There are many standards in the computer industry and programs that are written for those standards. There are often multiple programs and formats that do the same thing, but in different ways. This can make it difficult to determine which program you should use. Luckily, TheAlmightyGuru has taken the time to show you the best of the best. All the programs and formats seen here are 100% Guru Approved.

What the heck does that mean? Every topic seen here has been Guru Approved because TheAlmightyGuru feels that it as the best at what it does. Does this mean that you should blindly trust what TheAlmightyGuru tells you and start using these products as well? Yes, it does.

Actually, as time passes and newer programs and methods are created, the items here will shift and be replaced by newer items. But at present here is the list of products that are Guru Approved.


Of all the bajillion formats for storing data, here are the ones that are Guru Approved.


Name: Vorbis (.ogg)
Description: A patent-free open-source audio format part of the Ogg container. Uses lossy compression.
Goods: High compression rate and good quality even at high compression rates.
Bads: Few applications have native support for Vorbis.
Versus: MP3 and WMA are the main competitors and Vorbis is better than both. See Why Vorbis.

Name: NSF (.nsf)
Description: A special format used for storing native NES audio data.
Goods: Accurately replicates NES audio format.
Bads: Format is very niche and can only store NES audio data.
Versus: No competitors.

Name: SPC (.spc)
Description: A special format used for storing native Super NES audio data.
Goods: Accurately replicates SNES audio format.
Bads: Format is very niche and can only store SNES audio data.
Versus: No competitors.


Name: 7z (.7z)
Description: 7z is an open source compression algorithim.
Goods: Very high level of compression, especially when used with its "store" feature.
Bads: Usually compresses better than RAR, but not always.
Versus: Compresses better than ZIP and similar to RAR.


Name: Portable Network Graphic (.png)
Description: An open-source patent-free format that utilizes LZH compression and supports most color depths.
Goods: High compression rate for screenshot style images, several added features. Lossless compression. Alpha transparency. Open source.
Bads: Compression doesn't work well on photograph style images. Few applications have full native support. Doesn't support animation.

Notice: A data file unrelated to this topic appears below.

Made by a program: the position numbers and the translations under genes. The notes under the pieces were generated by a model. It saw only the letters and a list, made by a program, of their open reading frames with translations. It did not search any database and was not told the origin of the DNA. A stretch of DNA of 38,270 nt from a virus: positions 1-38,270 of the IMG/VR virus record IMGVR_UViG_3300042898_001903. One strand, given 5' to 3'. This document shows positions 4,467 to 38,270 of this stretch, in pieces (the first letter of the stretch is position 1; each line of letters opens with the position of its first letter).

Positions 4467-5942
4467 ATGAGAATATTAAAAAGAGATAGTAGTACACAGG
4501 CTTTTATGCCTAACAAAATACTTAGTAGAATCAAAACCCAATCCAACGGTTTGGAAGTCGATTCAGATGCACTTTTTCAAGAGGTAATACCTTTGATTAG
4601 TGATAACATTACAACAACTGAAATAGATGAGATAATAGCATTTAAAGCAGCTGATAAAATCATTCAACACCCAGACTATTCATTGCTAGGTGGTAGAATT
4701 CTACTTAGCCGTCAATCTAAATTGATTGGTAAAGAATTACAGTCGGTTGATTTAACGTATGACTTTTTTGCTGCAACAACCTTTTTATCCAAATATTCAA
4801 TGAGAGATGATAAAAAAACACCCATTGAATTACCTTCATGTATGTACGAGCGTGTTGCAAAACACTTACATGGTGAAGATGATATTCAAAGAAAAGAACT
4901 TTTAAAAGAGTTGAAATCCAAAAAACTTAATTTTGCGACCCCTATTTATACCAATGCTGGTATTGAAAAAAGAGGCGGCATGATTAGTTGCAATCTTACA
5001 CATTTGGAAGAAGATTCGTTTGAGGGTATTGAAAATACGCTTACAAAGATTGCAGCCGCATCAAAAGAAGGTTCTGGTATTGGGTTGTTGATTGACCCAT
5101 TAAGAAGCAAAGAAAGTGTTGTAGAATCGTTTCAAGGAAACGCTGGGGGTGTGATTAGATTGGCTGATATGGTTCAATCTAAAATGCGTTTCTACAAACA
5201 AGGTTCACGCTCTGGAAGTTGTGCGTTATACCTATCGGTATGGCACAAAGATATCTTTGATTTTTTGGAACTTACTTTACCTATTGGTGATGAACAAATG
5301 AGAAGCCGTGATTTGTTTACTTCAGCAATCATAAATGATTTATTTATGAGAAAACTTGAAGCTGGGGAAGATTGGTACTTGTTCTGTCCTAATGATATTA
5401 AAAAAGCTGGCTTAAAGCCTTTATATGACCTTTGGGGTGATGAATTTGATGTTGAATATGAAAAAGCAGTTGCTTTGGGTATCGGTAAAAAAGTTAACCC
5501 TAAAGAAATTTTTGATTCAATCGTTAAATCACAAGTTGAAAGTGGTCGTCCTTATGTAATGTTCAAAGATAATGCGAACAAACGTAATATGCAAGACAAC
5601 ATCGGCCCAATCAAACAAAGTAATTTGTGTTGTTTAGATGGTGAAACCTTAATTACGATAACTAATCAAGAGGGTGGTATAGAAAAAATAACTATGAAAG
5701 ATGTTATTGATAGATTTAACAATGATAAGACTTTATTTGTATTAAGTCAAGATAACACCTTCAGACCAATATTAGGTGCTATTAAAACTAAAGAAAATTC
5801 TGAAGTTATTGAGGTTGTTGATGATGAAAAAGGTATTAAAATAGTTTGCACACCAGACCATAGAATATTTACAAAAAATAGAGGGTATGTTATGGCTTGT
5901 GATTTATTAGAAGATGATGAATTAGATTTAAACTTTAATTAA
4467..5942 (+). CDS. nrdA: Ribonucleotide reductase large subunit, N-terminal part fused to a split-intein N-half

Versus: Better compression and features than GIF, BMP, TIFF, TGA, and PCX.

Name: JPEG File Interchange Format (.jpeg)
Description: An proprietary format that utilizes discrete cosine transform compression and supports 24-bit color or 16-bit grayscale.
Goods: High compression rate for any image type.
Bads: Uses lossy compression, patented format.
Versus: No real competitors.




Name: Nullsoft's Winamp
Description: A light-weight media player that uses plug-ins for added support.
Goods: Easy to use interface and unlimited support via plug-ins. Many people write plug-ins and skins for it.
Bads: Crippleware for it's burning and ripping functions. Proprietary code.
Versus: Because Winamp uses plug-ins it always has better support than Windows Media Player.



Name: 7 Zip
Description: An easy to use program that can compress and decompress several different compression types.
Goods: Simple, customizable, fast, and freeware to boot.
Bads: Can't compress in propriatary formats.
Versus: Competes with WinZip and WinRar. Has all the same options, plus 7z format support.


Name: Corel's Photo-Paint
Description: A professional high-powered graphics editor specifically designed for digital image manipulation.
Goods: Has thousands of professional functions and supports nearly every graphic format around. Designed for digital editing.
Bads: Very expensive for the common user, certain interfaces aren't that friendly.
Versus: Photoshop is more widely used, but more expensive and was designed for conventional users, not digital users.

Hex Editor


Name: Albert Faber's CDex
Description: An open-source easy to use CD ripper with plug-in support.
Goods: Open-source, uses plug-ins, uses online database for CD information. Has good jitter correction.
Versus: Windows Media Player's built in ripping doesn't support plug-ins or jitter correction.

Text Editor

Name: TED Notepad
Description: A very light-weight text editor with a simple interface that can quickly open text files.
Goods: Light-weight, very fast, plenty of customizations, freeware.
Versus: Has many more options than MS Notepad.


Name: MPlayer
Description: A very light-weight open-source media player that uses plug-ins.
Goods: Has very good native support and with plug-ins can support every media format. Open-source.
Bads: No user interface, has poor Win32 support.
Versus: Supports many more formats than Media Player, Quick Time, or Real Player because of plug-in support.

Do you feel there is a product or format available that TheAlmightyGuru should approve? Send him an email about it, but keep in mind that TheAlmightyGuru is very slow to change and will most likely scoff at whatever you tell him.